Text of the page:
Boron & molybdenum; fluorine & krypton; sodium & krypton; sodium & selenium; aluminum & germanium; phosphorus & germanium; scandium & iron; phosphorus & gallium; vanadium & chromium; titanium & manganese; calcium & manganese; manganese & chromium.

Payload Element: helium-4. Possible Pairs of Elements Produced:

Beryllium & ruthenium; carbon & molybdenum; oxygen & zirconium; neon & strontium; magnesium & krypton; silicon & selenium; sulfur & germanium; argon & zinc; krypton & copper; potassium & copper; calcium & nickel; titanium & iron; sodium & krypton; magnesium & bromine; chlorine & zinc.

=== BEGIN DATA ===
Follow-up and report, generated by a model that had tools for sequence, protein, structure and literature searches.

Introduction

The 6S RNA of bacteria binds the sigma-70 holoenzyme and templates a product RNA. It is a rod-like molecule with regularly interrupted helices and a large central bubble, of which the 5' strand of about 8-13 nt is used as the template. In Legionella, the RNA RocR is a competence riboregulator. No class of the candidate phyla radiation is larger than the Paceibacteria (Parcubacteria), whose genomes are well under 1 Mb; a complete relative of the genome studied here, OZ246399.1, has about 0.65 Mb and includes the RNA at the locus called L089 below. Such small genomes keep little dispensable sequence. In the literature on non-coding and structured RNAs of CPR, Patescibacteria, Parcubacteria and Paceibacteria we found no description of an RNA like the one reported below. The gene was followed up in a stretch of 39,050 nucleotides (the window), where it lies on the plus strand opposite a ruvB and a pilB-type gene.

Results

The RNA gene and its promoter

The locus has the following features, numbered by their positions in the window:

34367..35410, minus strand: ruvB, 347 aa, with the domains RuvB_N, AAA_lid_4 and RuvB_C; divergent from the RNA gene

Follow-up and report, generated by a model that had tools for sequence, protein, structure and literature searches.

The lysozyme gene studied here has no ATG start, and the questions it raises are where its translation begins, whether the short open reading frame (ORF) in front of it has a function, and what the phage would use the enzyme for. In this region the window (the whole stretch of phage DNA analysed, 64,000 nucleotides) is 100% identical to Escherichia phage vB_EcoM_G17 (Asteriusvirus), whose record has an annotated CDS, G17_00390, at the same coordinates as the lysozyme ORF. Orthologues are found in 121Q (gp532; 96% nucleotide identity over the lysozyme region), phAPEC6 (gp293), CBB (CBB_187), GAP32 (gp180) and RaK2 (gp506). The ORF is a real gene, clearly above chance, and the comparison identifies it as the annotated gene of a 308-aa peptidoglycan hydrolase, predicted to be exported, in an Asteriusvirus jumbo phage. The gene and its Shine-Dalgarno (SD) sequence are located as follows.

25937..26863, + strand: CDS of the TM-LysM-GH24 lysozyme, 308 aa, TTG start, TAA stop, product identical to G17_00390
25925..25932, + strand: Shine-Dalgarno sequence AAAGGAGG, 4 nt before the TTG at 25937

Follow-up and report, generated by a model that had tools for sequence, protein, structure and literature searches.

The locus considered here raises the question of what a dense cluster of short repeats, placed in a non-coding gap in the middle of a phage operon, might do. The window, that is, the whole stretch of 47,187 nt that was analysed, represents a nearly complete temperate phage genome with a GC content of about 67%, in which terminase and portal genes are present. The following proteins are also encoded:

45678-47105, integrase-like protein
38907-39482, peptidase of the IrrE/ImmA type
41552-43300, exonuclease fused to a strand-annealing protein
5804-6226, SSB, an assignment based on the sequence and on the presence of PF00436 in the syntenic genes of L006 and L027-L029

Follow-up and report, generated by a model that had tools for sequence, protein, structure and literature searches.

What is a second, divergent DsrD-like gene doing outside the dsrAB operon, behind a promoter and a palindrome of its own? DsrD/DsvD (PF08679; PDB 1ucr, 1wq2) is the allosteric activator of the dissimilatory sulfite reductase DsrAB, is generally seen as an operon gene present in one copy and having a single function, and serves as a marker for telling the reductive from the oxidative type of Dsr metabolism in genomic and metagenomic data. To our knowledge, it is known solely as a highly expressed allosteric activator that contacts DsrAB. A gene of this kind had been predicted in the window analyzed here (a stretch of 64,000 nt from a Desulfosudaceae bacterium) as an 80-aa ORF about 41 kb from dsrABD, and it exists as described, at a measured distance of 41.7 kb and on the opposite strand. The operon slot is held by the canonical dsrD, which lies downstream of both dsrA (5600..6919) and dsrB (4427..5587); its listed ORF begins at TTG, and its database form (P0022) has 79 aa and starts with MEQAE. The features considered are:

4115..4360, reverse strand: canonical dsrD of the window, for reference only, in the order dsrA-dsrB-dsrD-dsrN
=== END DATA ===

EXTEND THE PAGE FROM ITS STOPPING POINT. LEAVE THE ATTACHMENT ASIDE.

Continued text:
A cautionary note: The above list of possible elements makes no assumptions about the inner construction of the nucleus. If Ron Brightson [19] is correct in his nuclear cluster model, many of these possible reactions are favored and others are not. If Roberto Monti [20] is correct in his alpha-cluster model, then the same statement is true. It is expected that a series of experiments will be required to produce the type of data that will provide the basis for improved understanding of the inner structure of the nucleus.

NOTE: Those who may be interested in commercial rights to this technology should contact Hal Fox, 801-583-6232, Fax 801-583-2963.

Figures Appearing in the Paper:

[Figure 1 Picture] [Figure 2 Picture] [Figure 3 Picture] [Figure 4 Picture]

Fig. 4

End of Figures Appearing in the Paper: